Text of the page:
WASHINGTON (CN) – Rockhopper penguins living on the Campbell Plateau south of New Zealand are threatened by rising ocean temperatures, and the population has been protected under the Endangered Species Act, according to a U.S. Fish and Wildlife Service decision.
Changes in ocean temperature have resulted in the shift of the penguin’s primary prey, white fish, away from the four traditional Rockhopper breeding areas around Macquarie, Campbell, Auckland and the Antipopdes islands.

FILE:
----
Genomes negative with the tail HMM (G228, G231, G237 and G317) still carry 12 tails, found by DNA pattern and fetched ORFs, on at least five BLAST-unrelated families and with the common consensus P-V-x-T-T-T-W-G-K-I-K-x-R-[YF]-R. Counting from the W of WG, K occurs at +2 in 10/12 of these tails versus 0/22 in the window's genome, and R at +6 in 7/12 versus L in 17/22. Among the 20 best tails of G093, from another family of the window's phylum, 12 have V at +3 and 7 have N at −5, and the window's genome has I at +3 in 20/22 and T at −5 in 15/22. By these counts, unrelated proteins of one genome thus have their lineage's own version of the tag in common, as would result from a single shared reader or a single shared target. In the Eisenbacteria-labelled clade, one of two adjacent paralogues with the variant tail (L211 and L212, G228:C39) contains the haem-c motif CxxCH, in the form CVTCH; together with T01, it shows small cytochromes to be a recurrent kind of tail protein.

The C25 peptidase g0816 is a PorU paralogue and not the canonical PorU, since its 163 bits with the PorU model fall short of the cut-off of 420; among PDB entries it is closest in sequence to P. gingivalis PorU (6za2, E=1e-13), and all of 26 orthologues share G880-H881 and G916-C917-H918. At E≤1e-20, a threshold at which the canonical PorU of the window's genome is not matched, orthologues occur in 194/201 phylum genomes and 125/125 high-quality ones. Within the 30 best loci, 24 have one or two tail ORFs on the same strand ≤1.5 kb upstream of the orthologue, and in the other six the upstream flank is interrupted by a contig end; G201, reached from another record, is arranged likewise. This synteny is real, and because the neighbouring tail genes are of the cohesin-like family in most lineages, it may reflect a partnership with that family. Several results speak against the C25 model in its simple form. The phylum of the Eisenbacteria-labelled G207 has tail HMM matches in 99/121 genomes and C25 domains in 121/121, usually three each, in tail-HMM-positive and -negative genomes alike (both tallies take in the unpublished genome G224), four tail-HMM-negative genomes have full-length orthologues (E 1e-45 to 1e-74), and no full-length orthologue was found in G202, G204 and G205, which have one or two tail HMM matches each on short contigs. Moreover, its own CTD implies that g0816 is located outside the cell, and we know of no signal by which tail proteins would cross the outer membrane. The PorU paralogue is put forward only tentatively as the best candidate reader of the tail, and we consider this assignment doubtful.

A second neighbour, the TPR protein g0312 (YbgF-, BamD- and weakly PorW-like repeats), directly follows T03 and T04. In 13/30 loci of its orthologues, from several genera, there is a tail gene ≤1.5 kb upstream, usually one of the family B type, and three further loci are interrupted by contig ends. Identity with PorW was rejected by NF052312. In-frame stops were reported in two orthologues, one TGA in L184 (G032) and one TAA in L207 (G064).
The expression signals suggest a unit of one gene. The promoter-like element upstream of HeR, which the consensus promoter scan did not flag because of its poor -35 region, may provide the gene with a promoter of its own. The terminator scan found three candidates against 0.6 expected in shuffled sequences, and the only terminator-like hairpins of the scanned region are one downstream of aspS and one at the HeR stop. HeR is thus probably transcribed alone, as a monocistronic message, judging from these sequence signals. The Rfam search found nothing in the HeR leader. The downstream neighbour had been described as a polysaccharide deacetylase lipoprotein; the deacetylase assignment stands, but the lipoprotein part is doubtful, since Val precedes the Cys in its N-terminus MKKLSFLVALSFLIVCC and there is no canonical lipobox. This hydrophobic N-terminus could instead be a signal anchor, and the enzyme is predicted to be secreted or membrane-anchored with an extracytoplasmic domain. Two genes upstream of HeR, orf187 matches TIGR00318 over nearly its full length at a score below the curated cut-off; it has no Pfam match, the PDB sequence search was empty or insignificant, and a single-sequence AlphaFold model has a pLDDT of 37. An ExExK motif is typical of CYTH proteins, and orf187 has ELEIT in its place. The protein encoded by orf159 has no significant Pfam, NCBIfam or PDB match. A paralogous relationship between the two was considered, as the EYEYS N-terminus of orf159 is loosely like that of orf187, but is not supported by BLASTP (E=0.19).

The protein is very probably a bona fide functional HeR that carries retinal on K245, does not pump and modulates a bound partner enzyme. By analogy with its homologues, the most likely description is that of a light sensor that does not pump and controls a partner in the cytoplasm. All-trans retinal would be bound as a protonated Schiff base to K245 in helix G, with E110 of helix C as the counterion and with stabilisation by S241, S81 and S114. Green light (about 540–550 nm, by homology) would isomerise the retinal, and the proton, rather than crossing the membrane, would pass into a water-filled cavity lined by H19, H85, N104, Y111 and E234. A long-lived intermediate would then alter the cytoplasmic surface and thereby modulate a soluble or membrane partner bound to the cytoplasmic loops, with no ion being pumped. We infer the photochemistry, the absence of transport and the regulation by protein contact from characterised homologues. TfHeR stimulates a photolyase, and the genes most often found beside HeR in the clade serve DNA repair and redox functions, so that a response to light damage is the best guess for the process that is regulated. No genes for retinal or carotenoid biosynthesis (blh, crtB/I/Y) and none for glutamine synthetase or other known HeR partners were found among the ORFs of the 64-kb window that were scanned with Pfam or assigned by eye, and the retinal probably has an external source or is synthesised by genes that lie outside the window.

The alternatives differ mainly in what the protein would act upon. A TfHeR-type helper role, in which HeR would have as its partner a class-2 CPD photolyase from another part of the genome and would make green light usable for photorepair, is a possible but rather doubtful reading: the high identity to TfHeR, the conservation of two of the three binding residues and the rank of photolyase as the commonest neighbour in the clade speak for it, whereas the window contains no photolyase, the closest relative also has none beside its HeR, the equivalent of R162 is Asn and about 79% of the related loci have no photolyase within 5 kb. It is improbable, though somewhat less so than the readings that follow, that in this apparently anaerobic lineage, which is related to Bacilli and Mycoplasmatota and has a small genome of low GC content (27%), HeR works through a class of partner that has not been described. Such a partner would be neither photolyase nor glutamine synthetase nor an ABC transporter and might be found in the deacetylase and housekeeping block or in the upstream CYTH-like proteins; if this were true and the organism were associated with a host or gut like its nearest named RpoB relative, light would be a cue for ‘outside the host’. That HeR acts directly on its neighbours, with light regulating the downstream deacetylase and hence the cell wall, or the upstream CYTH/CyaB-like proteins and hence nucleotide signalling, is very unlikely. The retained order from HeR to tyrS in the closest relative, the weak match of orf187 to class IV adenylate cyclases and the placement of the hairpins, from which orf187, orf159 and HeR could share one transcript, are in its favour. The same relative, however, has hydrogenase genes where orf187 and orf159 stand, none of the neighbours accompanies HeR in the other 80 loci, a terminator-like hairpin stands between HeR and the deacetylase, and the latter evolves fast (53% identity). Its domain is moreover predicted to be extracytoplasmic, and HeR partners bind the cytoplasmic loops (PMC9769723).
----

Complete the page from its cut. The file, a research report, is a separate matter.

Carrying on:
The rockhopper is one of 12 species of penguin the Center for Biological Diversity petitioned the agency to list as threatened or endangered. With this listing decision, the Fish and Wildlife Service has made a finding on each species in the original petition.
The Campbell Plateau subpopulation of rockhoppers has been rapidly declining. In 1978 there were 50,000 breeding pairs in the Antipodes Islands. Twenty years later only 4,000 pairs remained, and similar declines have occurred in the other three nesting areas.
For species not indigenous to the United States, the act bans importation or trade in a species found to be threatened or endangered by a U.S. agency.
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